By John Lauritsen

MINNEAPOLIS (WCCO) — Minnesota’s dry weather is causing concern for many Minnesota farmers, including those who depend on a hay crop for their live stock.

“This here was cut four weeks ago and it has not done anything,” said Dennis Middendorf while pointing at his alfalfa field. “It would be knee-high if it had enough water.”

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With 140 dairy cows on his farm near Melrose, Middendorf relies on alfalfa hay for feed. And like many Minnesotans watching their front yards dry up, he’s watching his field do the same.

“Every time they talk about rain, it’s missing. It seems like it gets to the county line and stops for some reason,” said Middendorf. “We’ve had maybe two inches of rain since April 10.”

Typically Middendorf is able to cut his alfalfa four times during a growing season. So far this year, he’s only cut it once.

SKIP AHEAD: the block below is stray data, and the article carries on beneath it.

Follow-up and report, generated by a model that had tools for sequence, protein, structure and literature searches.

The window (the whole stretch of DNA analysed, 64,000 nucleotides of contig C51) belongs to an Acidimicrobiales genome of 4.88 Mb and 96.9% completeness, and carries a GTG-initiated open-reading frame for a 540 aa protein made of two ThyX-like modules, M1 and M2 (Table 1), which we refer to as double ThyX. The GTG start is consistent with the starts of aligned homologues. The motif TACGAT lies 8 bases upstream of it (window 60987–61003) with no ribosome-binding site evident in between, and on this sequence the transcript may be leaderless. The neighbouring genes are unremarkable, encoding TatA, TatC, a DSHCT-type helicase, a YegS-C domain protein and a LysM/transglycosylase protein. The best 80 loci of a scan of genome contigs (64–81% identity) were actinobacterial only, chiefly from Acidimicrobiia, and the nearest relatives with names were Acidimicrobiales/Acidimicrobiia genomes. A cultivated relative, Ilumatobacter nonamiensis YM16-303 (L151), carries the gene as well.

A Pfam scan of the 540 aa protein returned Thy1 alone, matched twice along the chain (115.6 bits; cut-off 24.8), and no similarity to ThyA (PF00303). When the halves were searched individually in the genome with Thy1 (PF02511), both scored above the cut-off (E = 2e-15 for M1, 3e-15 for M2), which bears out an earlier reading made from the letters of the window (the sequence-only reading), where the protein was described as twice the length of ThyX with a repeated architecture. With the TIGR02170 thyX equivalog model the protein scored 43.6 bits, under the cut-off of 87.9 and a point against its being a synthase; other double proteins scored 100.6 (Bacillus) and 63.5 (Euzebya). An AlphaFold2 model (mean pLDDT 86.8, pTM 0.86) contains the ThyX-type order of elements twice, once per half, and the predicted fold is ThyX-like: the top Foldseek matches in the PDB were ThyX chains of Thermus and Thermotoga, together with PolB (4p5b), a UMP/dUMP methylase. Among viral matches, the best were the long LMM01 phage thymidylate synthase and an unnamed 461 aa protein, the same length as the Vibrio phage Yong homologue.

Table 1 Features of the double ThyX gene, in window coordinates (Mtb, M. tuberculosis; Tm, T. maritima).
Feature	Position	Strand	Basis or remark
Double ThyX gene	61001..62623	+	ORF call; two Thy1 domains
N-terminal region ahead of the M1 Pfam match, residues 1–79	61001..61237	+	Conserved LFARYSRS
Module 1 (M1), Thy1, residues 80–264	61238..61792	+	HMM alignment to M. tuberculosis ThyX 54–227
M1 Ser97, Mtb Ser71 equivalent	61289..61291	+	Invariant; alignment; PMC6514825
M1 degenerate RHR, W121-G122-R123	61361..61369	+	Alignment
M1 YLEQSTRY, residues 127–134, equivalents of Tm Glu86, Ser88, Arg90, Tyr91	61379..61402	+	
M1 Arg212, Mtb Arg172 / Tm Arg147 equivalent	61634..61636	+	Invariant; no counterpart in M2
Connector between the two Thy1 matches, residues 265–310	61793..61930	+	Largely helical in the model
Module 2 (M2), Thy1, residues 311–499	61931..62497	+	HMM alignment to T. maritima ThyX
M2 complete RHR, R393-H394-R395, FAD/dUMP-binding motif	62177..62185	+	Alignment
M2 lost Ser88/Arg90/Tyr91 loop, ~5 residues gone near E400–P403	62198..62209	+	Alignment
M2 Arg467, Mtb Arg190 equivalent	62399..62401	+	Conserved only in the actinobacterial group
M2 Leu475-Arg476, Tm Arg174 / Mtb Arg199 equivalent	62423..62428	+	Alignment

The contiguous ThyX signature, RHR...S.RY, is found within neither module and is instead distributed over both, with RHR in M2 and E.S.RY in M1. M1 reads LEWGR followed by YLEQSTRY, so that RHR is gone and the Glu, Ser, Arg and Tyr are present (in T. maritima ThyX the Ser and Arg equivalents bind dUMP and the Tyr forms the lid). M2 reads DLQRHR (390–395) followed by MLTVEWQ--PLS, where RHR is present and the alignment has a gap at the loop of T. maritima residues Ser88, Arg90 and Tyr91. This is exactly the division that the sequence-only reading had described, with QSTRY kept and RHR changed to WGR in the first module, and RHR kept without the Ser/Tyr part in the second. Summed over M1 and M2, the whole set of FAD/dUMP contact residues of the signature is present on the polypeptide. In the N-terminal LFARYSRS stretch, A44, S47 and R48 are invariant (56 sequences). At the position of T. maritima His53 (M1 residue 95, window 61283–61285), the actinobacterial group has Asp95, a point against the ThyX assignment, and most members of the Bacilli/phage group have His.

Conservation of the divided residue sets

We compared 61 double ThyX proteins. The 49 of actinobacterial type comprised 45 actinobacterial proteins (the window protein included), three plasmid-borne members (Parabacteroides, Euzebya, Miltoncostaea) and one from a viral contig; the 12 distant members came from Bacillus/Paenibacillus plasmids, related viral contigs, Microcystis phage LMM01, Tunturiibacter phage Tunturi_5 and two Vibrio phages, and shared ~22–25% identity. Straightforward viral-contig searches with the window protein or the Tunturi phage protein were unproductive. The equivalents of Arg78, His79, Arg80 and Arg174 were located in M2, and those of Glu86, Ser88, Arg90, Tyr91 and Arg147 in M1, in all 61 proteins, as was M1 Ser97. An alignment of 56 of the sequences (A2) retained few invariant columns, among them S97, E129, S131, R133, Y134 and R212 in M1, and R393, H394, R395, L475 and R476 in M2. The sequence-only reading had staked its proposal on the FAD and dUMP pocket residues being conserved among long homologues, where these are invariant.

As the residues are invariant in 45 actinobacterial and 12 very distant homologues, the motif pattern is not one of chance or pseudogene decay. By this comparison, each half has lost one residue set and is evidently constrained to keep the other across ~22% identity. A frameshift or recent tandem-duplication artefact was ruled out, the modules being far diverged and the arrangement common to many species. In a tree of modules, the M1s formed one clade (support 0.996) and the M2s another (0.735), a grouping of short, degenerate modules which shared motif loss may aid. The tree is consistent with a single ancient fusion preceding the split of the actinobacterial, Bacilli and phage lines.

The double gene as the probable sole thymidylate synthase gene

The problem is widespread and could lead to a hay shortage in the Midwest.

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In North Dakota, drought is killing the hay crop and ranchers are struggling to feed their cattle. They’ll look to Minnesota farmers for help, if they have anything to offer.

“Beef herds, like my neighbor over there, he said if I don’t get rain I’m going to have to downsize,” said Middendorf. “You could throw all the money at us from the government or whatever but it’s not going to help when there is no hay.”

Middendorf is getting by with hay left over from last year, but he’s worried other farmers who’ve been breaking even, may not make it without rain. Crunchy fields and pastures with little to show, could eventually impact prices at the grocery store.

“In ’88 it was bad. I worked off the farm when I graduated high school and it was just like this. It was terrible,” said Middendorf.

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On the flip side, Middendorf said all it takes is one, good rainfall to get things started. Last year in Stearns County it was dry until July then the rains came. They’re hoping this July brings similar luck.

John Lauritsen